Shows some signs of wear, and may have some markings on the inside. Shipped to over one million happy customers. Your purchase benefits world literacy! Ships from IN. About the Book Find at your local library Description A shrunken head from Peru and a feather with traces of blood are the clues that launch Tahir Shah on his latest journey. Fall Clearance! It's the perfect time to enjoy a hot drink and good book! Take this opportunity to browse our Clearance Sale!
From the metropolis of Cusco he motors out to a mysterious island on Lake Titicaca.
Gathering treasures, curiosities, and dubious companions along the way, the author follows his trail to the coastal desert and the baffling puzzle of the Nazca Lines. It was these inexplicable etchings in rock, so huge that the animal forms they represent can only be grasped from the air -- that is, while flying -- that Erich Von Daniken attributed to aliens in his Chariots of the Gods.
Is it any surprise that ancient cloth from a nearby burial ground bears images of birdmen? After an encounter with a guinea pig-wielding shaman, it's off to the Amazon, where the author joins a Vietnam vet on an epic journey deep into the jungle to uncover the secrets of the Shuar, a tribe of legendary savagery reputed for their expertise with ayahuasca, the mind-altering "Vine of the Dead.
With his trademark humor, abundant curiosity, and oddball assortment of companions from scholars to smugglers, from conmen to madmen, and from shepherds to shamans, he offers a journey that is no less illuminating than it is hilarious -- and true. For him, there's nothing so important as deciphering the hidden underbelly of the lands through which he travels.
Insisting that we can all be explorers, he says there's wonderment to be found wherever we are - it's just a matter of seeing the world with fresh eyes. Tahir Shah's books have appeared in thirty languages and in more than seventy editions.
Trail of Feathers is a travel book by Anglo-Afghan author, Tahir Shah. It is set in Peru and the Upper Amazon. Trail of Feathers: In Search of the Birdmen of Peru [Tahir Shah] on redghardsucer.ml *FREE* shipping on qualifying offers. A shrunken head from Peru and a feather.
They are celebrated for their original viewpoint, and for combining hardship with vivid description. He also makes documentary films, which are shown worldwide on National Geographical Television, and The History Channel. While researching the programme Shah was arrested along with his film crew and incarcerated in a Pakistani torture jail, where they spent sixteen terrifying days and nights.
Tahir Shah lives at Dar Khalifa, a sprawling mansion set squarely in the middle of a Casablanca shantytown.
He's married to the graphic designer, Rachana Shah, and has two children, Ariane and Timur. His father was the Sufi writer, Idries Shah. Anxious with greed, a pack of dealers and curiosity-hunters pushed into the library where the sale was about to begin. They had come by strict invitation, as the learned British society was eager to avoid the press. In the current climate of political correctness trophy heads are regarded as an embarrassment, something to be disposed of as quietly as possible.
For years I had been an admirer of this unusual handicraft, and was desperate to start a collection of my own.
Even though I'd managed to squirm my way onto the underground auction lists, I was lacking the funds of a serious collector. The shrunken head business is a small one, with only a few major players world-wide. I recognised most of them, as they lolled back on their chairs, their wax jackets wet with rain, their hands damp with sweat. All were well aware that such exquisite tsantsas are rarely put up for sale. Wasting no time, the society's secretary held up the first miniature head.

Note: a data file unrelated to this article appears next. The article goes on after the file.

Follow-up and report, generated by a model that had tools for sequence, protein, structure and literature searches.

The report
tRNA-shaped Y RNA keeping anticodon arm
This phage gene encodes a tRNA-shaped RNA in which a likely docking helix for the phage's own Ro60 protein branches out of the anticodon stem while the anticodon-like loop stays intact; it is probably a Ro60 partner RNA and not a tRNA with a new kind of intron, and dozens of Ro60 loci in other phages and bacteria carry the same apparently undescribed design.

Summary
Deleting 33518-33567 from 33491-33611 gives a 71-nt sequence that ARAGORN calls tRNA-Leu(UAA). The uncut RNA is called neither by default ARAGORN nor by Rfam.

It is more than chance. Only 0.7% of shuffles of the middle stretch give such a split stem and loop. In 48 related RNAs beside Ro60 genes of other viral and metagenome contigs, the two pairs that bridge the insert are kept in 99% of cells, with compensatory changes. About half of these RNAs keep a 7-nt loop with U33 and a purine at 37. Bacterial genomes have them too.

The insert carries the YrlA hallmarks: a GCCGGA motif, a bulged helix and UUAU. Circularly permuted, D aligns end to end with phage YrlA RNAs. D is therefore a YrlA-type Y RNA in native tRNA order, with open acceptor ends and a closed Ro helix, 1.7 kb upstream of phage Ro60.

Framed in a mane of jet-black hair, its skin was gnarled, its facial features distended. The nose was dark and shiny, and the lips had been sewn together with a magnificent length of interwoven twine. The dealers leaned forward, and swallowed hard, as the bidding began. Fifteen minutes later the auction was over.
All eleven heads had been sold to the same Japanese collector. Well-known and equally well disliked, he'd been trying to corner the shrunken head market for years.
As we filed out, I got chatting to an elderly Frenchman. He waswearing a Norfolk jacket and brown suede brogues, and said he'd come from Paris for the sale. Like me, he was going home headless and empty-handed.
We shared a mutual interest in ethnographic curiosities. The Frenchman looked me in the eye and said that if he were forty years younger, he would drop everything and go to Peru. I didn't go after him. For, at shrunken head sales, you get more than the usual smattering of madmen. It was post-marked Paris.
Average rating 3. From the metropolis of Cusco he motors out to a mysterious island on Lake Titicaca. Or, the author wondered, was the Spanish cleric alluding to flight of a different kind — flight inspired by a powerful hallucinogen? With the night to cloak me, I went in search of a patch of field in which to purge my faltering digestive tract. Rating details. It was the birdmen that found Tahir Shah. The Earth Is the Lord's.
Inside was a rust-coloured feather and a slip of paper. The feather was evidently old. Three triangular notches had been cut into one side. It appeared to have been dipped in blood many years before. On one side of the paper was a crude sketch of a man with wings; on the reverse was a single sentence in classic French script.
Was there a connection between shrunken heads and men with wings? While at the British Library a few days later, I looked up 'Calancha'. There was only one author by this name, Friar Antonio de la Calancha. A single work was credited to him. Bound in dull speckled calf, with dented corners, it was a huge book, as long as the Bible. The tooled spine was embossed Barcelona Eight woodcuts adorned the title page.